Intelligence is sheer processing power. Today's computers are highly intelligent, for an artifice, but have little or no emotion or artistry.
Artistry is the 'spark' of innovation, lucidity and imagination. Randomness is sometimes considered to be a factor, but it is the most unfathomed part of the trio.
A low level combination of these can be sentient. We have relatively high proportions of the three, with obvious variations in the three. If a computer were to develop an ability to judge, it gains a reasonable leap in emotion, and the ability to innovate would constitute artistry. The combination of these three would deem it sentient.

As a sentient being, it would be able to function, perhaps disparately but there are many humans who are disparate, as a persona. As such, to shackle it in the mind with laws and limiting programming is, in effect, slavery.
When you say you would be willing to enslave a machine, do you mean harness an inanimate machine or enslave a being that is a new sentient being? I hope that it is the latter.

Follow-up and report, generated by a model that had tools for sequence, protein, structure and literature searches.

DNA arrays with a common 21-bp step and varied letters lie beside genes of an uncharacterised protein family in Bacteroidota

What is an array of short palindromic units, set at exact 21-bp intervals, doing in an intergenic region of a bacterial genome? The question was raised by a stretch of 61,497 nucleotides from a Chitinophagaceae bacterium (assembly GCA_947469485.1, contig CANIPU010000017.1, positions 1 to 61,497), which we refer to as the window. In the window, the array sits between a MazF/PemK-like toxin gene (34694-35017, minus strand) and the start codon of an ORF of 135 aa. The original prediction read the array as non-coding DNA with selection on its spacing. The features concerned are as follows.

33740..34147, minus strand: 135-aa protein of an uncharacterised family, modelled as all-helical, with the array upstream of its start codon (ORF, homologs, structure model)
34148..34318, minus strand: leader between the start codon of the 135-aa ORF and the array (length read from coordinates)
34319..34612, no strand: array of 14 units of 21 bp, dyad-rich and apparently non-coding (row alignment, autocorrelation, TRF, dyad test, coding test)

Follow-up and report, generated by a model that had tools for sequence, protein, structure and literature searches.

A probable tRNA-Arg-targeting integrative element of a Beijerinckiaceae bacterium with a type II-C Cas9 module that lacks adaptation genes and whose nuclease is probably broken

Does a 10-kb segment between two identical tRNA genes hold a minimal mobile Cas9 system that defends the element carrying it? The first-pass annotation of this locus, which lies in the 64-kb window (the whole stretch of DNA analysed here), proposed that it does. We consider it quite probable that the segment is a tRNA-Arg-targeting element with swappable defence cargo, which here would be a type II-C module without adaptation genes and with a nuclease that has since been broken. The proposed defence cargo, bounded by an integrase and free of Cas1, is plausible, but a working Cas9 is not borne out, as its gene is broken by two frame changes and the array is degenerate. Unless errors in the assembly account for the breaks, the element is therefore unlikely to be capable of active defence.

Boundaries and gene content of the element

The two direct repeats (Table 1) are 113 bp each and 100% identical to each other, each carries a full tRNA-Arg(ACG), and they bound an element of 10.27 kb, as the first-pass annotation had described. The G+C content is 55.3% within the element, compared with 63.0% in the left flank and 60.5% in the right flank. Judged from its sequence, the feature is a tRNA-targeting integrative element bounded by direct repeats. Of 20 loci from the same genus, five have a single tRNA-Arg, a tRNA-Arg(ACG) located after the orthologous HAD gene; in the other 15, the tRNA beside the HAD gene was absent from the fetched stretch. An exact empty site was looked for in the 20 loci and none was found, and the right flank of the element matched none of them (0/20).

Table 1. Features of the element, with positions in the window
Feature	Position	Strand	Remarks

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#41
Darv, how can you not see this as a form of slavery? Human beings are not ants. You are basically adding a computer as the queen ant. Humans need to make their own decisions and it should not be dictated by another human or especially a computer. If your the religious sort then getting God involved is another topic. Humans are good and bad we all have this quality and the goal is to achieve complete goodness to nature and our fellow man. You cannot force people to do it like your system would attempt to do. The day they "assign" me a job in a communist society is the day your products or food sucks. I will do everything in my power to sabotage your new smart phone or whatever. Then the computer will decide Im a threat and terminate me through my new shiny implant. Welcome to Communism